US, Russia say cannot support a UN call for Libya truce: Diplomats    Mauro Colombo's Tierra Adentro wins Yellow Robin award    Cannes prepares 60th anniversary of Marché du Film    Algeria protesters keep up pressure on regime    Egyptians abroad vote in constitution referendum    Congress mulls next steps after release of Mueller report    Tennis: Nadal, Djokovic ease into Monte Carlo quarter-finals    Emery unsure if injured Ramsey will play for Arsenal again    Liverpool match Barcelona's ticket price to subsidise own fans    Trump forces Brussels' hand on trade despite tariffs backlash    Tobruk Parliament calls on UN Security Council to stop Qatari, Turkish intervention    For its 10th time: L'Oréal Group recognised as one of world's most ethical companies    Public Enterprise Sector companies' net profit up by 52% to EGP 11.3bn in FY 2017/18    No days off during constitutional amendments referendum: Cabinet    Uber adds new feature for female drivers to drive only women in Saudi Arabia    Two Egyptian females win 2019 Pulitzer Prize for International Reporting    Beyond chocolate: The egg in art and design    Egyptian community in US will be voting "yes" on constitutional amendments    Investing in people helps to share in benefits of economic growth, technological progress    Made in Germany, heard in Spain: The Leon cathedral organ connection    Egypt's Mufti urges citizens to take part in referendum on constitutional amendments    Egypt's FM orders preparations be completed ahead of overseas referendum    Egypt's Sisi pardons prisoners on Sinai Liberation Day    Moody's upgrades Egypt's rating to B2, expects more economic growth    At least 29 killed in Madeira when tourist bus veers off the road    Expected exit    Spectacular scene, favourable draw    Reining in inflation    The economic way ahead    Sudanese demand ‘legitimate change'    Caught in the middle?    What next for Libya?    Escaping expenses    ‘I don't want sympathy'    Pasta vegetable salad    The final draft    Towards the referendum    Flight prices go sky high    Bundeli Kala Parishad troupe's Indian folk dance show at Al-Gumhouriya Theatre is a must go    Paris' Notre Dame    Screen blues    Parliament approves constitutional amendments allowing Al-Sisi extra term till 2030    Syria fuel shortages, worsened by US sanctions, spark anger    Vatican willing to offer technical know-how to help restore Notre-Dame    Al-Azhar condemns racist chants against Liverpool's Mohamed Salah    Mentally frail Borussia Dortmund relying on individual brilliance    German Football Ambassador 2019: Klopp, Kroos, Podolski on the list    In the company of the philosopher Roshdi Rashed in Paris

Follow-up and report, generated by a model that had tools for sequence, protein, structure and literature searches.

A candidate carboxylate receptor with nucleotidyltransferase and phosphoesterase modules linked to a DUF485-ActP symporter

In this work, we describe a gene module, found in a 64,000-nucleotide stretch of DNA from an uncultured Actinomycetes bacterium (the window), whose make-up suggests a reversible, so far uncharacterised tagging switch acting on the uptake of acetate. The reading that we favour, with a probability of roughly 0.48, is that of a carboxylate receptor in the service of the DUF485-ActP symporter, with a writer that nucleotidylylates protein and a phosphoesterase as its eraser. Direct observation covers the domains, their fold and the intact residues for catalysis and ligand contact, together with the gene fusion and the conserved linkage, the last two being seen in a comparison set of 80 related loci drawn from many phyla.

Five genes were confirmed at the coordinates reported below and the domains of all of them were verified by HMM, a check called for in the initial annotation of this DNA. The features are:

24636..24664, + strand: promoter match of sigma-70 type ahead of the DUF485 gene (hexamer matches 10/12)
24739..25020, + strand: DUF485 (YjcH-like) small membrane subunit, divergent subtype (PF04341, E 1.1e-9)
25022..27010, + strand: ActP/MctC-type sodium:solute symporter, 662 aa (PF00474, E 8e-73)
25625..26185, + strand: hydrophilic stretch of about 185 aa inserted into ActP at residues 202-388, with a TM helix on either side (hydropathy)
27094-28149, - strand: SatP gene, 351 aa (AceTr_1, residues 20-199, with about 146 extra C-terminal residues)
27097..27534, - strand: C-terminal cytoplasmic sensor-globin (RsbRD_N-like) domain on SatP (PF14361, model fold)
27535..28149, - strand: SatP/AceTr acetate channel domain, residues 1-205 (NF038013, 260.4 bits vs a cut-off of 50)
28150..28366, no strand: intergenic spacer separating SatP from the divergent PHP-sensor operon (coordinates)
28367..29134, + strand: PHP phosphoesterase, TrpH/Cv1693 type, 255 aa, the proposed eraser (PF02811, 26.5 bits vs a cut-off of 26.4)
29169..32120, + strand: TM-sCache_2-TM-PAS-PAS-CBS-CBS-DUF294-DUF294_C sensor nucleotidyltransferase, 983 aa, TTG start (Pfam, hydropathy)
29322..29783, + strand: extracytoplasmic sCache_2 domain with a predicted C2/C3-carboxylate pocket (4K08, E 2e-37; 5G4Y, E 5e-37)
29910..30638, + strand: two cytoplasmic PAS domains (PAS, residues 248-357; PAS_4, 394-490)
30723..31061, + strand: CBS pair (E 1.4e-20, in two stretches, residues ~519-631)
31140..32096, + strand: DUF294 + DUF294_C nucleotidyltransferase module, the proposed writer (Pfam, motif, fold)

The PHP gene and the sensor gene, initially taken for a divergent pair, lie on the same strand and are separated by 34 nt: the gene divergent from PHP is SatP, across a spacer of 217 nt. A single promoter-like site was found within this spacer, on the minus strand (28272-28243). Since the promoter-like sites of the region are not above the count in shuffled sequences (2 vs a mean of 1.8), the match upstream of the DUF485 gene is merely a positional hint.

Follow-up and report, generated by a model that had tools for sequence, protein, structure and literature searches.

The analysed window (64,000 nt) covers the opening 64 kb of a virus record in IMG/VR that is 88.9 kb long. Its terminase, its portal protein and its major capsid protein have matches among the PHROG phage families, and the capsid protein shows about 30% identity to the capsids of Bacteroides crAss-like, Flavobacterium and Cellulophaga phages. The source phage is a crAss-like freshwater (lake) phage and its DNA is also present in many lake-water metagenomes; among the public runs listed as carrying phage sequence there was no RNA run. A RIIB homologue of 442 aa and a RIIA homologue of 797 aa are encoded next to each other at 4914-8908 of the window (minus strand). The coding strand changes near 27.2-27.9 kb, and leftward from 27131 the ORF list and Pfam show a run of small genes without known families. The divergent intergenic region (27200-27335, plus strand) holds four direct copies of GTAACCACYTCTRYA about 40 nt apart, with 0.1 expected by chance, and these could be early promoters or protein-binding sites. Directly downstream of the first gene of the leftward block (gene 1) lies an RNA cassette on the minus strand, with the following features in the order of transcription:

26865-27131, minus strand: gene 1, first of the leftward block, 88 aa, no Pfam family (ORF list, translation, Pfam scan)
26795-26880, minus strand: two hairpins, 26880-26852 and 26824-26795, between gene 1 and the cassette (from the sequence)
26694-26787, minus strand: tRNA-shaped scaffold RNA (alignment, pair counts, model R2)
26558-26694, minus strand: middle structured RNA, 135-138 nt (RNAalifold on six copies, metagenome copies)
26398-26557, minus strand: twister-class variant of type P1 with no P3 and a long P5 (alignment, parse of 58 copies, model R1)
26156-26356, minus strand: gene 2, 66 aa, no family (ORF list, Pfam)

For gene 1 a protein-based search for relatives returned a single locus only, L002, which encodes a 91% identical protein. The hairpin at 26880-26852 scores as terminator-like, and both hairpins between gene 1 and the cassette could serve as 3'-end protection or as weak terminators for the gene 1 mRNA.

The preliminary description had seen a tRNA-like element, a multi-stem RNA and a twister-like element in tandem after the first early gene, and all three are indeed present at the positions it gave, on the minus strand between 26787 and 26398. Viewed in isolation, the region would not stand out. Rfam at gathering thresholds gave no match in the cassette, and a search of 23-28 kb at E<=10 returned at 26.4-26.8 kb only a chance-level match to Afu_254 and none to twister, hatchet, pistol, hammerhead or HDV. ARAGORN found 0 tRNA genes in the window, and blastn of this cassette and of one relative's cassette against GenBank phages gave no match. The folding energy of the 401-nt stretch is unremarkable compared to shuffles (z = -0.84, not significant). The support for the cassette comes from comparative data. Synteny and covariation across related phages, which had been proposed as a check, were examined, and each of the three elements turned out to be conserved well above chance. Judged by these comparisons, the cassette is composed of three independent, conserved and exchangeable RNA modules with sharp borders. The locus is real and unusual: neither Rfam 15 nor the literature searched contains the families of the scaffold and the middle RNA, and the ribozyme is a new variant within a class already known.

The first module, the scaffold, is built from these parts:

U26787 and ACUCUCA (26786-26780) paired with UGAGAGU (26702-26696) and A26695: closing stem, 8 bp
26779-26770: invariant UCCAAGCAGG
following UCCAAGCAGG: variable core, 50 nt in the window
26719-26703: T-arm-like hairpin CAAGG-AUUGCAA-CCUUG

Thank you for reporting!
This image will be automatically disabled when it gets reported by several people.

Zambia votes amid concerns over violence
Voters in Zambia are casting their ballot in a tightly contested presidential race. The Electoral Commission of Zambia, religious leaders and security chiefs have urged for calm during and after the vote.
Published in Daily News Egypt on 11 - 08 - 2016

Voters in Zambia are casting their ballot in a tightly contested presidential race. The Electoral Commission of Zambia, religious leaders and security chiefs have urged for calm during and after the vote.